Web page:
• Referring to FIG. 11, the plug portion 18 b′ of the movable channel member 18′ includes an annular recess 18 e′ positioned on the outer sidewall thereof, within which can rest a first annular seal 28′ (such as a seal ring). The annular seal 28′ can be made of a compressible elastic material, such as, without limitation, an elastomer.
  • Referring to FIGS. 8 & 9, the female portion 3′ of conduit 2′ has fluid chamber 17′ which serves as the interior fluid channel. The inner wall surface of the fluid chamber 17′ is comprised partly of the interior wall of a movable wall member 12′ and partly of the interior wall of a stationary channel member 30′. Both the movable wall member 12′ and stationary channel member 30′ can be contained within an outer wall 14′ of the female portion 3′ of the coupling 2′. A hollow shaft 30 c′ of the stationary channel member 30′ can be cylindrical with the interior of the shaft 30 c′ forming part of the fluid chamber 17′. A biasing member 8′ (such as, for example, a coil spring) can be coiled about the shaft 30 c′ on an outside wall of the shaft 30 c′. An first end portion of the biasing member 8′ can abut against an outwardly extending annular flange 30 d′, formed on an outside wall of the shaft 30 c′, to prevent the biasing member 8′ from slipping past the flange 30 d′. (“Outwardly” in this context refers to a direction extending radially outward away from a central axis of the conduit coupling 2′). A second end portion of the biasing member 8′ can be mated against a lateral surface of the movable wall member 12′, within a cup portion 12 a′ of the movable wall member 12′, to bias the movable wall member 12′ toward the male portion 5′ of the coupling 2′, or inwardly (“Inwardly” in this context refers to a direction toward the other portion, such as the male portion 5′, of the conduit coupling 2′).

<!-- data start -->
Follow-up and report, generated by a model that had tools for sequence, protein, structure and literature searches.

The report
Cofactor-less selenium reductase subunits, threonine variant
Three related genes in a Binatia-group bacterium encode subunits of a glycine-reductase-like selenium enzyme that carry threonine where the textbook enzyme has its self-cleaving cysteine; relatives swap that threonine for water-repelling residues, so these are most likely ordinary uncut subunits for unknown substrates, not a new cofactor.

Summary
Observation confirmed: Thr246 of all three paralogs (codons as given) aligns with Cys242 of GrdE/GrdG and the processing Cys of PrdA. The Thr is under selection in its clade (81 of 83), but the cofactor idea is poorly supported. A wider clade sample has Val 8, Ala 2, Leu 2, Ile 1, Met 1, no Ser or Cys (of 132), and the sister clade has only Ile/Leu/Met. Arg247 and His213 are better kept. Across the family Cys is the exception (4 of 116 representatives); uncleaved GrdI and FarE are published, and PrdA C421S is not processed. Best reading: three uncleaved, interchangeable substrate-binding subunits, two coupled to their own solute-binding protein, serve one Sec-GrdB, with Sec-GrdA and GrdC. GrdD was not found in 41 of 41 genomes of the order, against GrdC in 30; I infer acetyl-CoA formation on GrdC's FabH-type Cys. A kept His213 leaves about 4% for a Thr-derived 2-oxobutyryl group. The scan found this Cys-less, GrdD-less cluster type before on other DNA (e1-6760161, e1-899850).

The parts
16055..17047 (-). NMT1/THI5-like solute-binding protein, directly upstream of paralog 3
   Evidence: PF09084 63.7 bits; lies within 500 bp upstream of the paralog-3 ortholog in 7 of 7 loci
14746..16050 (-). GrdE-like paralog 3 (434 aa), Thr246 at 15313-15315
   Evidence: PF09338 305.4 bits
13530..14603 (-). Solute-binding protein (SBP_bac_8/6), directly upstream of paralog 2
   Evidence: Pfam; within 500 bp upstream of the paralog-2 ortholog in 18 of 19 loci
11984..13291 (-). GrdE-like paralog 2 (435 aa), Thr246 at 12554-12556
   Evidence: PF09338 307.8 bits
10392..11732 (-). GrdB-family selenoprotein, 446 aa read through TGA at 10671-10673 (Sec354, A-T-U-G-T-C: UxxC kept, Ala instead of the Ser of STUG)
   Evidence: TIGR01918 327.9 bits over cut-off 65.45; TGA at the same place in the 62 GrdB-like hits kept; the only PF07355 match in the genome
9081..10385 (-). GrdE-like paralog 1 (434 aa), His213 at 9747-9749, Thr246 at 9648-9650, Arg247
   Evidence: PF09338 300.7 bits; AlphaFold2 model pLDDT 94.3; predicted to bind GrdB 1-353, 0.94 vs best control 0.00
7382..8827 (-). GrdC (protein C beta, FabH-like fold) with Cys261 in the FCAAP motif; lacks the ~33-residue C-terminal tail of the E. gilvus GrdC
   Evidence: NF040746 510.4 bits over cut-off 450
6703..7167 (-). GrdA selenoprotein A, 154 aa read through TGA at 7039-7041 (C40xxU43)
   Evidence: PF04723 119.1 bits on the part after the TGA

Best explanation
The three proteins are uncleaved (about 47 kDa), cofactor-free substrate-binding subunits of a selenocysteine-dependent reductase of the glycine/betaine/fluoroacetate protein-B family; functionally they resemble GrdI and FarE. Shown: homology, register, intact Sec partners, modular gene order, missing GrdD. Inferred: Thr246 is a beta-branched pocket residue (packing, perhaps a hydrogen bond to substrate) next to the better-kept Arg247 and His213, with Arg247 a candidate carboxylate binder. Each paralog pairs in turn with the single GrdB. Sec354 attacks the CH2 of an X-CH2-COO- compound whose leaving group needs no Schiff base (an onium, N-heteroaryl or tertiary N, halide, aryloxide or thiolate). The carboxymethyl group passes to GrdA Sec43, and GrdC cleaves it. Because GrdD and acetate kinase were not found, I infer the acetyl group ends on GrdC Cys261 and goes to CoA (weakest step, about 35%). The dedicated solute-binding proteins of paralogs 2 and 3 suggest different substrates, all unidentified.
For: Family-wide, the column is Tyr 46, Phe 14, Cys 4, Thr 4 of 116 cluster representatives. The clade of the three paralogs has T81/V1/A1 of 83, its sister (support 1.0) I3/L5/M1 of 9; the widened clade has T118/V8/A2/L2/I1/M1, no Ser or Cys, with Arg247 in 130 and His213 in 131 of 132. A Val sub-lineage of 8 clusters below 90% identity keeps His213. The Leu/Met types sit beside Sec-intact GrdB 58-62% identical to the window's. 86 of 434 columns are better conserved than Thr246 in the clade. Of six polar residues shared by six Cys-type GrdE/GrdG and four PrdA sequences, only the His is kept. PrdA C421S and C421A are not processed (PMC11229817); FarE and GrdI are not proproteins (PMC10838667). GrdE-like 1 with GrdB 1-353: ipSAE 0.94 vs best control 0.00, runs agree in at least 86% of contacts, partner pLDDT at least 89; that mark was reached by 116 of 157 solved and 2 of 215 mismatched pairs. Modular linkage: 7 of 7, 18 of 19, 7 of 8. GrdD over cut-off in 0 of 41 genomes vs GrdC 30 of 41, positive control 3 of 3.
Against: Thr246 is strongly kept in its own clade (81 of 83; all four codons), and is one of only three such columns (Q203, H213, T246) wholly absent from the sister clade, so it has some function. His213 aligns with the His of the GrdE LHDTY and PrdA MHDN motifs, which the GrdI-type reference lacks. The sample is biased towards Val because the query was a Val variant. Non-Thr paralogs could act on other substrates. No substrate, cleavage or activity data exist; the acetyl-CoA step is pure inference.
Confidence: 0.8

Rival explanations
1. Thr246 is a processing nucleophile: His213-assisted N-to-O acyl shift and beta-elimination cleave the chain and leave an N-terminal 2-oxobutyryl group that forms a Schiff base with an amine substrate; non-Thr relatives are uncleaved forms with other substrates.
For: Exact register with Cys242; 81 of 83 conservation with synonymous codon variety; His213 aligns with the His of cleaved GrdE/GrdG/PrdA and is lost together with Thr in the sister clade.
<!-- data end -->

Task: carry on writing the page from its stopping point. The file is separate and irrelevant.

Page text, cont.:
• The stationary channel member 30′ can include extension strips 30 a′, which connect the shaft 30 c′ to a plug portion 30 b′ . In the illustrated embodiments, there are two extension strips 30 a′, positioned on opposite sides of the stationary channel member 30′, with the extension strips 30 a′ being generally aligned with a portion of the wall of the shaft 30 c′, as best seen in FIG. 8. Fluid can flow into, or out of, an outer end of the shaft 30 c′, as illustrated by arrow “h” in FIG. 8, and enter or exit the opposite end of the shaft 30 c via gaps between the extension strips 30 a, as illustrated by arrow “g” in FIG. 8.
  • The plug portion 30 b′ of the stationary channel member 30′ includes an annular recess 30 e′ positioned on the outer sidewall thereof, within which can rest a second annular seal 11′ (such as a seal ring). The second annular seal 11′ can be made of a compressible elastic material, such as, without limitation, an elastomer.